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Deontay Wilder's preparations for Tyson Fury were disrupted by injury, says sparring partner Junior Fa

"What I do know [is] that he did get injured, but I was very surprised by Fury's game plan"

Deontay Wilder
Image: Deontay Wilder had bicep surgery after his defeat by Tyson Fury

Deontay Wilder's rematch plan for Tyson Fury was derailed in the closing weeks of his training camp as he sustained a bicep injury, confirmed sparring partner Junior Fa.

The American heavyweight's reign as WBC heavyweight champion was brought to a dramatic end in February when he was sensationally stopped by Fury in Las Vegas.

Wilder has since undergone bicep surgery and Fa, who has regularly sparred with the Alabama man, revealed that the arm injury was suffered shortly before the second fight against Fury.

Tyson Fury, Deontay Wilder
Image: Fury stopped Wilder in the seventh round to claim the WBC heavyweight title

The New Zealander told Sky Sports: "I was very shocked [by the Wilder defeat].

"The lead up and the training was actually really good. Deontay was looking great.

"I think he did hurt himself towards the end of camp, which I don't think would have played too much into the fight, but then I don't really know the extent of the damage of the injury that he sustained.

"What I do know [is] that he did get injured, but I was very surprised by Fury's game plan. As soon as the fight started, and I saw Fury not really taking a backward step, trying to push Wilder to the ropes, I was thinking 'Oh man, this is going to be a hard night for Wilder.'

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Yes, the bicep injury. I don't know the extent of the damage, but he did hurt it, yeah.
Junior Fa

"Fury just basically did what he said he was going to do, which was stop the biggest puncher in the world. That was a very, very good performance from him."

Asked about Wilder's specific fitness issue, Fa said: "Yes, the bicep injury. I don't know the extent of the damage, but he did hurt it, yeah."

Wilder initially suggested that his ring walk costume, weighing 40lbs, had weakened him before the first bell, but has since hinted at further problems in the build-up.

"There's a lot of things that I don't even want to talk about at this moment in time," he told the PBC podcast.

"I'm still reflecting on certain things and I can't believe the things that happened to me and they happened to me at that point in time in my career.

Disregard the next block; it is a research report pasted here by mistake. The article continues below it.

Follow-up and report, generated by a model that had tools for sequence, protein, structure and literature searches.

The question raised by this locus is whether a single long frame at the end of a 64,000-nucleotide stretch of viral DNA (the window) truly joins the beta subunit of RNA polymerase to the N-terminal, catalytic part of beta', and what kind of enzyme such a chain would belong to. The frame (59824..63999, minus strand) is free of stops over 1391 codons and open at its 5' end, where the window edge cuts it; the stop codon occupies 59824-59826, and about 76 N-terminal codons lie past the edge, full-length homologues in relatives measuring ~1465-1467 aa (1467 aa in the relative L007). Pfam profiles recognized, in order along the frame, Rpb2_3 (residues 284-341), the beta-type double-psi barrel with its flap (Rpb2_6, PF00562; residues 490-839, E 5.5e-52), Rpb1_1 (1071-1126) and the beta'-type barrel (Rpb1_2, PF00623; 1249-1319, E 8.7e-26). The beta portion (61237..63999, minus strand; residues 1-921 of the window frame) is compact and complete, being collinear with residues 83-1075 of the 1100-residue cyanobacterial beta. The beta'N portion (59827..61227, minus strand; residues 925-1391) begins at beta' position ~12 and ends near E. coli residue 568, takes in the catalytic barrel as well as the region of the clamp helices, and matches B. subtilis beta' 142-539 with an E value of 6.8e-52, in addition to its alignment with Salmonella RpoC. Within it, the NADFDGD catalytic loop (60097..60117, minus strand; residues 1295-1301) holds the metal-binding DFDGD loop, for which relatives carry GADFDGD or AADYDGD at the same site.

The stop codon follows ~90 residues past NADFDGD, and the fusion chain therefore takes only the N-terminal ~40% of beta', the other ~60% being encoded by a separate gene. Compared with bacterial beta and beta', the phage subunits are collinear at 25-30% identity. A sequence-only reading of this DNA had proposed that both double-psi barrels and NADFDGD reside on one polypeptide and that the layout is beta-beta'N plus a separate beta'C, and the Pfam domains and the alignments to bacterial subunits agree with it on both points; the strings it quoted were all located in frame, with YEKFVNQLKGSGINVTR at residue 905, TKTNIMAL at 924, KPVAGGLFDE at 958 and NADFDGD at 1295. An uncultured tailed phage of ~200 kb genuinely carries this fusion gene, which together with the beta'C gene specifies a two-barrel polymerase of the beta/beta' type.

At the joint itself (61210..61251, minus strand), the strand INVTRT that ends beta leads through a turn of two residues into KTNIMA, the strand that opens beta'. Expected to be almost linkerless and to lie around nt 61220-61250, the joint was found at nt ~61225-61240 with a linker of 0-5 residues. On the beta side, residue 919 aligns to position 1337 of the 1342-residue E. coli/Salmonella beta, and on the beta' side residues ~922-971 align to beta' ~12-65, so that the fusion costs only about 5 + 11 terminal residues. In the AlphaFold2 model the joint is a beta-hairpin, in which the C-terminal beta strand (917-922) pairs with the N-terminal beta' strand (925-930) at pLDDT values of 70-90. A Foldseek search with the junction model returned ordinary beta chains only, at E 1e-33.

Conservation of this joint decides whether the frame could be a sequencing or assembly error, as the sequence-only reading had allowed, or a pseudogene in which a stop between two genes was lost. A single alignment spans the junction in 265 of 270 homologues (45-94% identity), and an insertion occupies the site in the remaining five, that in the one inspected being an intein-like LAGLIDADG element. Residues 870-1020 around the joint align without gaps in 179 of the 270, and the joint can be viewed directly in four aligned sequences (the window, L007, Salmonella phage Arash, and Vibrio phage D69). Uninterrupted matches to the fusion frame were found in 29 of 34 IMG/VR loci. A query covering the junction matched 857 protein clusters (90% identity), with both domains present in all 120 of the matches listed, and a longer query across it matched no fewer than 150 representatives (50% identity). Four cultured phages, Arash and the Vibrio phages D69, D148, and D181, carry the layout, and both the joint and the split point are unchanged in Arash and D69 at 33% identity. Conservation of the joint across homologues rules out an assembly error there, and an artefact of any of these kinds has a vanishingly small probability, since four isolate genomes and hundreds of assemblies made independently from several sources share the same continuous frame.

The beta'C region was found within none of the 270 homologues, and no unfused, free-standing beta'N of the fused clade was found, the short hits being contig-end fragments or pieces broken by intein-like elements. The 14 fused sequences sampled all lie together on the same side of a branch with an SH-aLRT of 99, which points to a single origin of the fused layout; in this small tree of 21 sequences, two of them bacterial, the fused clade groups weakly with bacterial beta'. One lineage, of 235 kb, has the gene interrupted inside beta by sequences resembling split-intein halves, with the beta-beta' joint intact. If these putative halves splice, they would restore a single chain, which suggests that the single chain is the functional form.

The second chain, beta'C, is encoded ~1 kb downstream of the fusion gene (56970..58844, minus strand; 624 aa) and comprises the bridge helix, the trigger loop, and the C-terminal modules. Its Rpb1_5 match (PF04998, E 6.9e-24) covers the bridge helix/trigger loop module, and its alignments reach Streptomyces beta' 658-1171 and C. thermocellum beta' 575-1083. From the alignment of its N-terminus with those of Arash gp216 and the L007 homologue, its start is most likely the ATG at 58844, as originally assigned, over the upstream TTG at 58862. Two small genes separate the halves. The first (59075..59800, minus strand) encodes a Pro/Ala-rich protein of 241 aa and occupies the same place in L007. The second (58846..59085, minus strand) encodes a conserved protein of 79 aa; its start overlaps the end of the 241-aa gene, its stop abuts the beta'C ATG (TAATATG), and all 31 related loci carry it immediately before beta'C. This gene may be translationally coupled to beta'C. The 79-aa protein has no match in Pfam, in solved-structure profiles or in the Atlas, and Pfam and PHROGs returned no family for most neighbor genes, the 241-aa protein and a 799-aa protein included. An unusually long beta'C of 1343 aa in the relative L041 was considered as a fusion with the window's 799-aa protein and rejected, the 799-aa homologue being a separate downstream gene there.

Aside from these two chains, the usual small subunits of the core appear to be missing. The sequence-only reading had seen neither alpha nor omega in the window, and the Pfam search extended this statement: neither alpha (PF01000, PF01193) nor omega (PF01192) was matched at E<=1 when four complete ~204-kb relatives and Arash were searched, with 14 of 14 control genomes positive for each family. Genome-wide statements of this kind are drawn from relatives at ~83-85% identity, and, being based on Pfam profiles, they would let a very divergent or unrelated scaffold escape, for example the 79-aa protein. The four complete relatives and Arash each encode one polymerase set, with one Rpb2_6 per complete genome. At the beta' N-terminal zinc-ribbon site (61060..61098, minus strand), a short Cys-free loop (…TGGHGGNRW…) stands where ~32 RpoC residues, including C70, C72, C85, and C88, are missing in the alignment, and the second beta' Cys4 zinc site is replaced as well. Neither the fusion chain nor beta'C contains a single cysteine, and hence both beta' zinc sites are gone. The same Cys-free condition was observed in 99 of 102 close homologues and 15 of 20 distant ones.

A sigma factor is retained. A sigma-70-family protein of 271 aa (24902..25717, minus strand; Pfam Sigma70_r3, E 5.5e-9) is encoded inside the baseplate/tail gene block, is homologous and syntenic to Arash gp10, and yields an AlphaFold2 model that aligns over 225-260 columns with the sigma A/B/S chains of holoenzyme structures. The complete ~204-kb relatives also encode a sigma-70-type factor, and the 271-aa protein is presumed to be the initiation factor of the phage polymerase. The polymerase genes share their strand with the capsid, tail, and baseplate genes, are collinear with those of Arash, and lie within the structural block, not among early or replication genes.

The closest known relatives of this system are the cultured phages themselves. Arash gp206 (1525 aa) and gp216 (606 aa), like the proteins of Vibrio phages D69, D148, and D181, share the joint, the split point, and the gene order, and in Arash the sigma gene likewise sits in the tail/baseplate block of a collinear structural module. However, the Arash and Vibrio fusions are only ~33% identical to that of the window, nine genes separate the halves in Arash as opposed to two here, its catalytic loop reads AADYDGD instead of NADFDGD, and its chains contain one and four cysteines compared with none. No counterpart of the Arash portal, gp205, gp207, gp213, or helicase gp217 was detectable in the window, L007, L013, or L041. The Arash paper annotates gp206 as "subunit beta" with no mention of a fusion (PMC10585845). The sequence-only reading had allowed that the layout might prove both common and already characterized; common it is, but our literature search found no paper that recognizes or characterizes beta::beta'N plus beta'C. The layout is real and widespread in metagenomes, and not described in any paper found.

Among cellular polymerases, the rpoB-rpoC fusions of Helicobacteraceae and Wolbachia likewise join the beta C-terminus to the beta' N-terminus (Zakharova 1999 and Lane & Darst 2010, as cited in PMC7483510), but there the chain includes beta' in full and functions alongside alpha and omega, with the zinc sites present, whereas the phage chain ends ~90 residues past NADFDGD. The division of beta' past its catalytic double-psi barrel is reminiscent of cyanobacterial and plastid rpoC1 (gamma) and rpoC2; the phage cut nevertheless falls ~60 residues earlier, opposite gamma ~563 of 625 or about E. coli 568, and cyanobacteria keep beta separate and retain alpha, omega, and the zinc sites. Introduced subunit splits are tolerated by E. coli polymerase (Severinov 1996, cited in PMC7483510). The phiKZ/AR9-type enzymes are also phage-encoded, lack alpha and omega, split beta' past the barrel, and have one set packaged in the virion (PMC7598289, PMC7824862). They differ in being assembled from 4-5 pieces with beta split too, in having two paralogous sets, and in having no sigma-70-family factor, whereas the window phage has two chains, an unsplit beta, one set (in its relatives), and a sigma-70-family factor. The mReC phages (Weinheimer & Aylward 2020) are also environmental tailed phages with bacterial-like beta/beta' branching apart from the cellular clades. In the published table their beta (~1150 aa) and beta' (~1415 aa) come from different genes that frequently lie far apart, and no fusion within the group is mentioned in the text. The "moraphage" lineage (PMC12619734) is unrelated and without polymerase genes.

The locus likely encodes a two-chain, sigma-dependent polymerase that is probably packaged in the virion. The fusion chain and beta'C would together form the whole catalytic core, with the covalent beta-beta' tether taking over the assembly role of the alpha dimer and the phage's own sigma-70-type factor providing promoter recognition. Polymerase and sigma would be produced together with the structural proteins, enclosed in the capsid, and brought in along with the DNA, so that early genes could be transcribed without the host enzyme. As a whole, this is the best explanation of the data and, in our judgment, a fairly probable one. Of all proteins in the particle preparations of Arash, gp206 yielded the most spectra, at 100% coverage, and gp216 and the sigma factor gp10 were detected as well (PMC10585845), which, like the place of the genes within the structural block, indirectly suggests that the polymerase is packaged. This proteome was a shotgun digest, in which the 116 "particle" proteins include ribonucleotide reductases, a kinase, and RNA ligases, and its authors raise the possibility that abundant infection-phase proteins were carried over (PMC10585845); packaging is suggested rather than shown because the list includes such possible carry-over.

"Maybe I'll come out with some things later on as things unfold when I get into camp but I don't want to talk about it at the moment in time. I'm still reflecting on it and figuring some things out."

Fa had also sparred Anthony Joshua on a number of occasions during their amateur careers and the Kiwi was later invited to train with him at the Team GB headquarters, alongside Joe Joyce and Frazer Clarke.

Junior Fa
Image: Fa has been training as negotiations continue for a fight with Joseph Parker

"I sparred AJ before we knew how good he was, so back in 2011 just after the Commonwealth Games," said Fa, who had returned from the tournament in India with a bronze medal.

"I was very surprised at how good he was. On that year he got the silver medal at the World Amateur Championships and then he went on to win the gold medal.

"I'd done some work with him before and just after the Olympics as well, because I came over [was drafted into the squad] for the World Series of Boxing with the Lionhearts.

"Good timing, good power. Very, very good power. He's very, very focused and very dedicated to the sport."

Joshua and Wilder have both compiled a daunting collection of destructive victories, but Fa believes the 'Bronze Bomber' hits even harder than the British star.

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Wilder displayed his destructive power in the rematch with Luis Ortiz

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Anthony Joshua stopped Alexander Povetkin with an explosive assault

"From what I can remember, from AJ in terms of comparing power, I would say definitely Deontay Wilder is the biggest puncher," said Fa ahead of an expected fight against Joseph Parker.

"It's just a different type of power. I can't really explain it. I know AJ has got serious heavy hands and they've got a bit of a snap to it too, but Wilder, I don't know man, he's just got a punch that dazes you straight away.

"In terms of training, I would say both of them are pretty much the same. They both carry great mindsets, which is something that I love to see in fighters as well.

"When I went over and trained with Wilder, that was the biggest thing that I took away was his intensity in training and he's there to do a job, and then he gets it done. As soon as training is done then he just turns human again."

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